The signs are everywhere, and it doesn’t much matter which party wins, now that Nancy Pelosi’s drinking the Kool-Aid: They’re going after Social Security and Medicare in the lame duck session. They’ll do it with what sound like “reasonable” adjustments like chaining payments to the Consumer Price Index, claiming it more accurately reflects the cost of living. (It doesn’t. For one thing, it doesn’t include the cost of heat. Grandma ice pops!) Economist Dean Baker says of course it’s not supposed to be more accurate, and calls the proposed switch a very big deal:
First of all, when all the inside Washington types agree on something, it is a good idea to hang on to your pocket books. Remember, these are the folks who thought it was great that everyone was becoming a homeowner in the middle of a housing bubble and that Alan Greenspan was the greatest central banker of all-time. In other words, inside Washington types are a group of people that mindlessly repeat the conventional wisdom and are largely incapable of original thought.
At the most simple level, the switch to a chained CPI is a way to reduce the annual COLA in Social Security by roughly 0.3 percentage points. That may sound trivial, but it is important to remember that this sum adds up over time. After ten years, this lower annual cost-of-living adjustment would imply a reduction in benefits of roughly 3 percent, after 20 years the reduction would be 6 percent, and after 30 years close to 9 percent. So this is real money.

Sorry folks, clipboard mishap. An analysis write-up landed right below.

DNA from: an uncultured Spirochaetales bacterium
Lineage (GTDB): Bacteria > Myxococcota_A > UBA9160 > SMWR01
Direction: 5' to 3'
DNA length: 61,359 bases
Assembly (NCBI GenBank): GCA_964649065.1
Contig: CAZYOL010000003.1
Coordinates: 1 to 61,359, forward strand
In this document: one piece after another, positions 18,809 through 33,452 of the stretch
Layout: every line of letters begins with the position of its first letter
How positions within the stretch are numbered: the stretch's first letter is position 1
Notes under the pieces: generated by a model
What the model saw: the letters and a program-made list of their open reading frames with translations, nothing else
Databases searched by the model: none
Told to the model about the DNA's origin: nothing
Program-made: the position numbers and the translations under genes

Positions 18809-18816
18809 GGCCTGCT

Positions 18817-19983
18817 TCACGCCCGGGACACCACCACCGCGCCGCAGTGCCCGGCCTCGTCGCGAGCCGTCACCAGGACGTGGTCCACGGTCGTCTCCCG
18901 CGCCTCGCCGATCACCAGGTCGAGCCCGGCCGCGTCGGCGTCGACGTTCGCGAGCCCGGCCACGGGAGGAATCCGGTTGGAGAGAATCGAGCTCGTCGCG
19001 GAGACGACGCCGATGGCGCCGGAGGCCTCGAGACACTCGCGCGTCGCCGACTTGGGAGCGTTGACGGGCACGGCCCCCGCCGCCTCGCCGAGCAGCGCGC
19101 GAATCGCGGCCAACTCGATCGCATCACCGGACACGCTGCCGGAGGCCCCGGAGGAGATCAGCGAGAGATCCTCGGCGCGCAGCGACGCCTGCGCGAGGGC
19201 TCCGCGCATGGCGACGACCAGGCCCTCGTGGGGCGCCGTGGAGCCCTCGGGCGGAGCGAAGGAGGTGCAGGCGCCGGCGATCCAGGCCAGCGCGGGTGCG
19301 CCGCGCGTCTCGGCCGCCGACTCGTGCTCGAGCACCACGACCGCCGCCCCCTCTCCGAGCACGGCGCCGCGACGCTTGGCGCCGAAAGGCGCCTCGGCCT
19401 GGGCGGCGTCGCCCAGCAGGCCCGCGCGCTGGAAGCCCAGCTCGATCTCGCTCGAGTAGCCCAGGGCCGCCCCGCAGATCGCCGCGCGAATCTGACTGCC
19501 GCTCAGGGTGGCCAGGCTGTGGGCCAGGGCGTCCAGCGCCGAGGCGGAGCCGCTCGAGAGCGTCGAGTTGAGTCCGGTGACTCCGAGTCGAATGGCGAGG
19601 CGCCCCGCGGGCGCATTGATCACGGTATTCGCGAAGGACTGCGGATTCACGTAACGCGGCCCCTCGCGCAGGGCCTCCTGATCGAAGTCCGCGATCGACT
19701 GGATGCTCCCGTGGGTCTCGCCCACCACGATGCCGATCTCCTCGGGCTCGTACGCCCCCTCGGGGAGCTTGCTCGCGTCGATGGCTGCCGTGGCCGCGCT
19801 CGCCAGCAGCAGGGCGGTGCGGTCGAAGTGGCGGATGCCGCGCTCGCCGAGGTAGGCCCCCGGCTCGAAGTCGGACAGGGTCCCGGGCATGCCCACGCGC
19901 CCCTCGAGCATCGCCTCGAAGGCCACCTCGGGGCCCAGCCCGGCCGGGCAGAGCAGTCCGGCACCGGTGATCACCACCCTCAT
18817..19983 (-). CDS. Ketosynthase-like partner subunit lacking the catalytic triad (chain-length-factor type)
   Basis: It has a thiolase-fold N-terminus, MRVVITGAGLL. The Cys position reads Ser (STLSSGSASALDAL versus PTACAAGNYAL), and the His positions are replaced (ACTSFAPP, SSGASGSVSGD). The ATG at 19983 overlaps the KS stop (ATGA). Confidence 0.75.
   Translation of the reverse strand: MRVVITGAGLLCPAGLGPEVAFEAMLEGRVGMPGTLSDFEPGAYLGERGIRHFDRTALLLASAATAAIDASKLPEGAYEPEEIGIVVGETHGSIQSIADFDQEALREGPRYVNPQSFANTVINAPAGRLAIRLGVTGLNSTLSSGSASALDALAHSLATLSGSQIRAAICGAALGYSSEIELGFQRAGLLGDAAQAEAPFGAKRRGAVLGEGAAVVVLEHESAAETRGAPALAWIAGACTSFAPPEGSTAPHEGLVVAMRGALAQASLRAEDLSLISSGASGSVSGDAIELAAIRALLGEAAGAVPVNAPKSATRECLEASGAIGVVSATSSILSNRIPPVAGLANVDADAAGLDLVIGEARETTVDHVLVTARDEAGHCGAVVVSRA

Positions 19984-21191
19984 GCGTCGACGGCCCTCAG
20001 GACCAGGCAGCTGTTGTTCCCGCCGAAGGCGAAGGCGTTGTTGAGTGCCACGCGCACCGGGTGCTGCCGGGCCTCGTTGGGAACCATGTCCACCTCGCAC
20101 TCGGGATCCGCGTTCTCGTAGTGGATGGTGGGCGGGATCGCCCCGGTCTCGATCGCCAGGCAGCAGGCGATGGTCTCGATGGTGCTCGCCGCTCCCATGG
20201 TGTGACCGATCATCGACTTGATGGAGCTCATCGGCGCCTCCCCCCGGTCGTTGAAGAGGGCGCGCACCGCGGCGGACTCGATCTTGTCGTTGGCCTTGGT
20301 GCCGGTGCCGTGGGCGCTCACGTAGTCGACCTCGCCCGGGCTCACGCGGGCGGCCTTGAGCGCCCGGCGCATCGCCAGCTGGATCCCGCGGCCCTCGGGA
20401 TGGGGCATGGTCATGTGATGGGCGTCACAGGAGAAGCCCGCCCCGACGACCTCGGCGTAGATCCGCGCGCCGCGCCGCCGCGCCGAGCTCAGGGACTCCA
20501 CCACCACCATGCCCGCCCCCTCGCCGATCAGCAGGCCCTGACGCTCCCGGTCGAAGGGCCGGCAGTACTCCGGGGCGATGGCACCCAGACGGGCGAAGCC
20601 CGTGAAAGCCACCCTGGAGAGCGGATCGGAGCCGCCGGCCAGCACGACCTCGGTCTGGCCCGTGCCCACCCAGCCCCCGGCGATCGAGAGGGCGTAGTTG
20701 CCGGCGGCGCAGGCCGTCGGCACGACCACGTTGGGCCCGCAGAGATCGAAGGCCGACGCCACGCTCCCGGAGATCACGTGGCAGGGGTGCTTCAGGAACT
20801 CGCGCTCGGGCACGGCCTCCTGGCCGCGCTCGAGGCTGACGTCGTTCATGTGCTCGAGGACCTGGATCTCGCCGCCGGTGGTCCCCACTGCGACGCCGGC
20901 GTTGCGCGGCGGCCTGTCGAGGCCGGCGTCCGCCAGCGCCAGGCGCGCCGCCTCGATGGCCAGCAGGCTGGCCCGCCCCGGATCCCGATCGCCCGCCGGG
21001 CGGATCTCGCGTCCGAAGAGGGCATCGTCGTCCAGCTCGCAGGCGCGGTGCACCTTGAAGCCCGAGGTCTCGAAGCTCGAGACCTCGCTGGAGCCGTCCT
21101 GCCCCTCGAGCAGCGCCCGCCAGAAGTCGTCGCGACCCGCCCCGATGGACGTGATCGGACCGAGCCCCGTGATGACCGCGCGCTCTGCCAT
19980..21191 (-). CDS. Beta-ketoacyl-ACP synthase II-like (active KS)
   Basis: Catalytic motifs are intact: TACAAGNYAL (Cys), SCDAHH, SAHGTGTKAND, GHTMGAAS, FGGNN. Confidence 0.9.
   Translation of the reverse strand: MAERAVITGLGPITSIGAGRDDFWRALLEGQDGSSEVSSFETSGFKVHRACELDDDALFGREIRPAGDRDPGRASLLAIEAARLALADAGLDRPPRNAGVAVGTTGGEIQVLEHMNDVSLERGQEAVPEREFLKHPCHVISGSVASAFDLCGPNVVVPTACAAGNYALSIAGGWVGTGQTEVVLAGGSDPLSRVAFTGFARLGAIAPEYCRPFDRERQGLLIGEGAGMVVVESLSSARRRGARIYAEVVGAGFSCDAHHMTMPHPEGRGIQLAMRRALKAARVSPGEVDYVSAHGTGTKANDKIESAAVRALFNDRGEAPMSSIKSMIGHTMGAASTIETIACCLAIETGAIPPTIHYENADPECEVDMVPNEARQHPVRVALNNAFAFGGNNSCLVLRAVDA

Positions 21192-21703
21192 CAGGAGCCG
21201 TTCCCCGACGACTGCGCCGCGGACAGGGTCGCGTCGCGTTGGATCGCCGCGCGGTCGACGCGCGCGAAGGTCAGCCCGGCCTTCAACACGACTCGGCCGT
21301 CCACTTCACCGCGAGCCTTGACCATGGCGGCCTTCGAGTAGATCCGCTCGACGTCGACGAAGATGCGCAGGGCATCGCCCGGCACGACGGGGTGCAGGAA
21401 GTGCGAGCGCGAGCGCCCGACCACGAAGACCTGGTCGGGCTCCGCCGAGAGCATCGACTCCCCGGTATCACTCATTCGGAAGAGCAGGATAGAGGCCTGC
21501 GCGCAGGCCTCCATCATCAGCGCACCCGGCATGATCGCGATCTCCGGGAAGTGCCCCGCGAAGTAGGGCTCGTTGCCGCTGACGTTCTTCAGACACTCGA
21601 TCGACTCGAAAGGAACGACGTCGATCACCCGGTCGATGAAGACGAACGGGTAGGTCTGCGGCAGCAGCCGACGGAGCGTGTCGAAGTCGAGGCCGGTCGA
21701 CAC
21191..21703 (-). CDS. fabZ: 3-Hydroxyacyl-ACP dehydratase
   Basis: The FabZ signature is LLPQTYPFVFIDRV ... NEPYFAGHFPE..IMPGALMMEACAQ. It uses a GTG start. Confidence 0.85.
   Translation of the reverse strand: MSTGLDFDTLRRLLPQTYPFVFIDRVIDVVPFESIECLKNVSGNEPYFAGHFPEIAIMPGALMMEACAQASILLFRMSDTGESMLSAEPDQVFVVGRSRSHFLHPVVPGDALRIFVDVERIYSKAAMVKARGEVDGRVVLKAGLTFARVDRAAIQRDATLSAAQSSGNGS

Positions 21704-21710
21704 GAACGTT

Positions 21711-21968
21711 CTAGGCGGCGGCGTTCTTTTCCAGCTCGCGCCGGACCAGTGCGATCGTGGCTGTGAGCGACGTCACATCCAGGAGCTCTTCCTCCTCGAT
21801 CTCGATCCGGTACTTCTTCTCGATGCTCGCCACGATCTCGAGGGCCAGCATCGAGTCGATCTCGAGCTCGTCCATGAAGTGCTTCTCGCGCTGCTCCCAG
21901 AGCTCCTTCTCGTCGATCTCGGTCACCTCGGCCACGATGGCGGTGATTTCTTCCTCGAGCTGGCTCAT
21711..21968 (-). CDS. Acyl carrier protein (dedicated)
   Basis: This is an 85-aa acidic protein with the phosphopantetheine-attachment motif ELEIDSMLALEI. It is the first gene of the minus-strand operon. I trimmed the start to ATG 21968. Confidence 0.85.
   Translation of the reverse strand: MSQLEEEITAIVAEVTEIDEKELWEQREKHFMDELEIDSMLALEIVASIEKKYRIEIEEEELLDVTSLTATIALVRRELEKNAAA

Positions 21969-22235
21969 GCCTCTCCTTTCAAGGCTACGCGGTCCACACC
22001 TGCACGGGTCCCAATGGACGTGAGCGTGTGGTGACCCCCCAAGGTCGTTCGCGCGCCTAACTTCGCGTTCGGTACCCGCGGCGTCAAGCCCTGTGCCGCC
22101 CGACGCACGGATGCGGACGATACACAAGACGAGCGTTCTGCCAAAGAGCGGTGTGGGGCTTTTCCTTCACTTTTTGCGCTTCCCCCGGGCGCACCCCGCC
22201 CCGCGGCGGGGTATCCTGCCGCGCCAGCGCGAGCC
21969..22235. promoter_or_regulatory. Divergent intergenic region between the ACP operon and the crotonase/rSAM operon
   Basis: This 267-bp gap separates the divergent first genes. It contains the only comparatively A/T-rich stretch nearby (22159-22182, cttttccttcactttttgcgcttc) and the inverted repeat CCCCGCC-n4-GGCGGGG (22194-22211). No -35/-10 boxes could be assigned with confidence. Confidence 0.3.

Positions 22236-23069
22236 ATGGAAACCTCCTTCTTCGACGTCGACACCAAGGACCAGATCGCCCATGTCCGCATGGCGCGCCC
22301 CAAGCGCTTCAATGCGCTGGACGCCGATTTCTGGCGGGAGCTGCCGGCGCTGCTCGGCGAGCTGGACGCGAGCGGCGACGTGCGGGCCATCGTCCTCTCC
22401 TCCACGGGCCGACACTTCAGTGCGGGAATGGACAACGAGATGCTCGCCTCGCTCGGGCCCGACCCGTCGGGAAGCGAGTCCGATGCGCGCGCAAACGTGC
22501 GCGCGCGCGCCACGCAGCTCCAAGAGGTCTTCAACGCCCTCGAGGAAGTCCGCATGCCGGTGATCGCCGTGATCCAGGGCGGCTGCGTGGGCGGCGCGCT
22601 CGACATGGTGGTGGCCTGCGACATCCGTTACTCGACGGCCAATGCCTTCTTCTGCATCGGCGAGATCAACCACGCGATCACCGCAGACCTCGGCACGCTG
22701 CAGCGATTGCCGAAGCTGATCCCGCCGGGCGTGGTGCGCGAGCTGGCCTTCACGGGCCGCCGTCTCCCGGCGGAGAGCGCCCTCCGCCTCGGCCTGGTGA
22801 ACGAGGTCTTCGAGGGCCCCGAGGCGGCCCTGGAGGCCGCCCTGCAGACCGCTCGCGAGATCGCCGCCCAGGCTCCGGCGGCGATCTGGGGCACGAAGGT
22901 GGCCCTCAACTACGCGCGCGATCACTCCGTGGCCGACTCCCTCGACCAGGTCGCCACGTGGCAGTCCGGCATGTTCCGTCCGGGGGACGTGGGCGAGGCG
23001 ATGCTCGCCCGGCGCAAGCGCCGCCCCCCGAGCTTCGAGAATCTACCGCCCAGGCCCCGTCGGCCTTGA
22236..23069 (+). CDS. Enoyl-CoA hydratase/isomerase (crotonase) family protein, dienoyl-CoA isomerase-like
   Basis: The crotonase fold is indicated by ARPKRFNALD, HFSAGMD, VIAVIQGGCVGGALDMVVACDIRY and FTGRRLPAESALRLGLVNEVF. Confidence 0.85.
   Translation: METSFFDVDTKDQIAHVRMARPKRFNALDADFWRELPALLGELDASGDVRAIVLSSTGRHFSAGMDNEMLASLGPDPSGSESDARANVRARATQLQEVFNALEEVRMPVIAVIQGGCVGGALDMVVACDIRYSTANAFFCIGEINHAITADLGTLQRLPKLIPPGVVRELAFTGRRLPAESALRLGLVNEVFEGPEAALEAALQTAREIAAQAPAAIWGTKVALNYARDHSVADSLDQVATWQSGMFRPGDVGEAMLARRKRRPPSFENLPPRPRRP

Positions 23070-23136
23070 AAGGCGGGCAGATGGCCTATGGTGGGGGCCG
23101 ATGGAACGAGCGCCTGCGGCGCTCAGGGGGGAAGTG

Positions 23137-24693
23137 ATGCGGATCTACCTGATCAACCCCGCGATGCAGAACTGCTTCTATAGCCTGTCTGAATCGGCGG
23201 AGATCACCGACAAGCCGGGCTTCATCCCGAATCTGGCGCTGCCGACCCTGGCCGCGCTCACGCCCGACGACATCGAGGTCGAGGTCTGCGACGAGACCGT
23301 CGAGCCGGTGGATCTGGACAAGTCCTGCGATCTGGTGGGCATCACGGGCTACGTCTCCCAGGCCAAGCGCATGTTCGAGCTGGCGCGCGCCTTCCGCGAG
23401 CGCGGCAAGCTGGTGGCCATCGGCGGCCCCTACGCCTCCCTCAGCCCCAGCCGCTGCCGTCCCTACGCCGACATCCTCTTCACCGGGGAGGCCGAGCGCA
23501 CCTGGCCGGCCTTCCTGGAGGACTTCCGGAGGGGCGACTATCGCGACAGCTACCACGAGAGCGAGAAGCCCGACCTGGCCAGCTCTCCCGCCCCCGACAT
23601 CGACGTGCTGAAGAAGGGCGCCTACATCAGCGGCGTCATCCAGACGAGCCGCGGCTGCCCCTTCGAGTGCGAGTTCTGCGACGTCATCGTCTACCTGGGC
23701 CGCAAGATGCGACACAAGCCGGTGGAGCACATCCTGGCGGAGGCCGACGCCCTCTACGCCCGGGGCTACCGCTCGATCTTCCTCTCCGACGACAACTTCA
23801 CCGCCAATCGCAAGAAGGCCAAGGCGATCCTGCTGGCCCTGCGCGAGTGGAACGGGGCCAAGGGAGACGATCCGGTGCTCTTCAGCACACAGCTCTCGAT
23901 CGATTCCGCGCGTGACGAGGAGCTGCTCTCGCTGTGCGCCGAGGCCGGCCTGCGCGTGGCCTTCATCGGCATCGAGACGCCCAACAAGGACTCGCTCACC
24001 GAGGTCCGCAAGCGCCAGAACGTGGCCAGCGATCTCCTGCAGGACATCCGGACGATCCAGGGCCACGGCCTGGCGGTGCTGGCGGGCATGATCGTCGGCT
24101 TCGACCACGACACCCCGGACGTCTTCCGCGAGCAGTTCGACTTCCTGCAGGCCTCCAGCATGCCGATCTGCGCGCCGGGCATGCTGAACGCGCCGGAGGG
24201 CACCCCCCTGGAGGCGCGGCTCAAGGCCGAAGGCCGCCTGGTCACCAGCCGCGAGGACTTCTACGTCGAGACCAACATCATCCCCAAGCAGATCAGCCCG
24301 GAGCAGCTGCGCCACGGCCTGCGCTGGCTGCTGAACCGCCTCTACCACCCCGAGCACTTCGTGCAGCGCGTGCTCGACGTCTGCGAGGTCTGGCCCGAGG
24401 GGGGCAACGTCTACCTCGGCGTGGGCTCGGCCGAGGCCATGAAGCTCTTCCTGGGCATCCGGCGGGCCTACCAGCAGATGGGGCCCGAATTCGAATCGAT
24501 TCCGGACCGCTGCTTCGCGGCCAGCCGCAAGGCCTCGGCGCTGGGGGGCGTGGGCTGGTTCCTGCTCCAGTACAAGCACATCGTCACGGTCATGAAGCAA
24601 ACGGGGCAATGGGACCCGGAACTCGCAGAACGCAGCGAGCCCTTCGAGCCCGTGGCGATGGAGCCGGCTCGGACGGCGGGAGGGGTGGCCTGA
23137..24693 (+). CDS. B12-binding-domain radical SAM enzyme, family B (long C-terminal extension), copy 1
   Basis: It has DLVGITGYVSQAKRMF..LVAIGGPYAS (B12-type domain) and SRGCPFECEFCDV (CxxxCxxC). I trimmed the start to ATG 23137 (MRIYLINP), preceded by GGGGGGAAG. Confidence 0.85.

This plan to lower the COLA raises two obvious questions. First would the new measure actually be more accurate, and second is a cut in Social Security benefits good policy?
There are some complex philosophical issues raised by a cost-of-living index but at the most basic level, the question is to what extent Social Security beneficiaries substitute between items to offset price increases. The proponents of switching to a chained index for the COLA are arguing based on research that examines the consumption patterns of the population as a whole.
The Bureau of Labor Statistics (BLS) has done research indicating that the Social Security population has qualitatively different consumption patterns than the rest of the population. This research suggests that a consumer pirce index based on the consumption patterns of the elderly would show a higher rate of inflation.
The BLS research would imply that someone who is concerned about the accuracy of the Social Security COLA might want a higher annual cost-of-living adjustment, not a lower one. Of course the BLS research is not conclusive, since BLS did not directly monitor the actual purchasing patterns of the elderly, examining the specific items they buy and the outlets where they shop.
However, BLS could do this and construct a full elderly CPI. This would cost in the neighborhood of $10-20 million. While that may seem expensive, this index is being used to determine a COLA for $700 billion in annual spending. If the full elderly index turned out to show the same rate of inflation as the overall CPI, then there would be no need to continue to do it. However, if the rates differ, then we would continue to maintain the elderly CPI, if the interest is accuracy.
This is a simple way to distinguish between people who want an accurate COLA and people who just want to cut benefits. Those who want an accurate COLA advocate having BLS construct a full elderly CPI. People who just want to switch the indexation to a chained CPI simply want to cut benefits.
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